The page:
Creating Unit Tests

Upload your Unit Tests to CodeGrade and show their output in a way that is clear for students.
The Unit Test runs a unit testing framework that produces a JUnit XML file with the results of the tests at a location stored in the $CG_JUNIT_XML_LOCATION environment variable. With our AutoTest UI, it is very easy to run unit tests with one of our many built in unit testing frameworks.
Want to use a unit test framework that is not (yet) built in? Follow this guide to create your own wrapper script to use it in our unit test wrapper script!
The resulting score of this test is the fraction of successful tests divided by the total number of tests that were run, multiplied by the weight of the test.
  1. 1.
    Press the "Add Unit Test" button to add a new Unit Test test to your Test Category.
  2. 2.
    Select your Unit Testing Framework from the dropdown.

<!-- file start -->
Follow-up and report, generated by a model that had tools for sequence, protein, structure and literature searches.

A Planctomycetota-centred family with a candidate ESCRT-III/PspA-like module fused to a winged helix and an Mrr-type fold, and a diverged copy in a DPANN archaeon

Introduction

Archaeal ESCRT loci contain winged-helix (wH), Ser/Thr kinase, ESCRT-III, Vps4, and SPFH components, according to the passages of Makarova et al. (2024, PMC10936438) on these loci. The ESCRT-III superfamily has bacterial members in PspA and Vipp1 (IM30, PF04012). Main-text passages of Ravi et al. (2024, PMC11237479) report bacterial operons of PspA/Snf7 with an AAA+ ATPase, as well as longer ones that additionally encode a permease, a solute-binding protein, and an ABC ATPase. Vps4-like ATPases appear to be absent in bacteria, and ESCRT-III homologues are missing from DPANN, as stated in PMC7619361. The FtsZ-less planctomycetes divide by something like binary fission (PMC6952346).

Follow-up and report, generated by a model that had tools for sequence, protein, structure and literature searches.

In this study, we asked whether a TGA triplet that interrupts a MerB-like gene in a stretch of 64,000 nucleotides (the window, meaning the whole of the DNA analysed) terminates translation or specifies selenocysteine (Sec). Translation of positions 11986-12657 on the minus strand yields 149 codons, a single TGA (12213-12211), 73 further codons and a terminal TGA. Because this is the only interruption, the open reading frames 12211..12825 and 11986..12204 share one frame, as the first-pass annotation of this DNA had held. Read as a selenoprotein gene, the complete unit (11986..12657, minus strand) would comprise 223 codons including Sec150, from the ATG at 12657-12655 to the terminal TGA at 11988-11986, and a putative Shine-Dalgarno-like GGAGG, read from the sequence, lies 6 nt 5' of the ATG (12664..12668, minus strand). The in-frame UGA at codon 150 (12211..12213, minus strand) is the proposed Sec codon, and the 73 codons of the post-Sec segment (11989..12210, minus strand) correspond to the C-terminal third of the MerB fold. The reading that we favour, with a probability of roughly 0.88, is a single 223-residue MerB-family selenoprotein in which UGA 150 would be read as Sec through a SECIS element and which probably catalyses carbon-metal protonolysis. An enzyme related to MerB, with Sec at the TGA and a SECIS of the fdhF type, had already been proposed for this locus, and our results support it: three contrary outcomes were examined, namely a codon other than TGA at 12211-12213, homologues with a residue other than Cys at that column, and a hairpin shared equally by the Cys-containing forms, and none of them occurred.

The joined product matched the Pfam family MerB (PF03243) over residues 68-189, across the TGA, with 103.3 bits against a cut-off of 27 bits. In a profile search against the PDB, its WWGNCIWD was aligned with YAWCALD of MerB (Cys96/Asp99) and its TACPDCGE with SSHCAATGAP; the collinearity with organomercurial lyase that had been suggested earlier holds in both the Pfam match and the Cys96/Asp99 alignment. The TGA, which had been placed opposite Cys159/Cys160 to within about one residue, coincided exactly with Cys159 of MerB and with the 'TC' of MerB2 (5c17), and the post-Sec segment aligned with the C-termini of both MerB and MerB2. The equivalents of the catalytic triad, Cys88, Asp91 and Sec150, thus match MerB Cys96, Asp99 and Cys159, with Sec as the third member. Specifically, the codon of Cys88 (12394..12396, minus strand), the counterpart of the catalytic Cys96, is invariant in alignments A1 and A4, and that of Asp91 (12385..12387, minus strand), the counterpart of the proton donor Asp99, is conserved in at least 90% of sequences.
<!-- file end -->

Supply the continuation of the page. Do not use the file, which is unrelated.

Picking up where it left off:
3. 3.
    Fill in the optional fields to customize the behaviour of the unit test.
Want to use a custom unit testing framework? Choose the "Custom" option and enter the command that will run your test suite. This command should write a JUnit XML file to the location given in the $CG_JUNIT_XML_LOCATION environment variable. Use our built-in scripts to do this for you automatically.
Unit Test results as seen by the student

Compatibility scripts

We provide wrapper scripts for a growing list of frameworks that handle all of this for you. Contact us at [email protected] if your preferred framework is not listed there so we can discuss the possibilities!

Compiling code and tests

Are you using the Unit Test function for a compiled language (e.g. JUnit5 for Java), then you will have to compile the students' code and your tests using the built in compile command. The compile command takes file names as arguments and compiles those files. Compiling can be done either in the "Per student setup script", so that compiled files are available in all categories, or in a "Run Program step" before your Unit Test step.
It is recommended to compile your student code and your unit tests in a separate test step (see example below). If compilation fails, it is more clear to you and your students why this way.
For example, to compile all .java files in the current directory, including a JUnit version 5 test class, you would run:
cg-junit5 compile *.java
Using a Run Program step with weight 0 to compile Java code for our JUnit5 Unit Test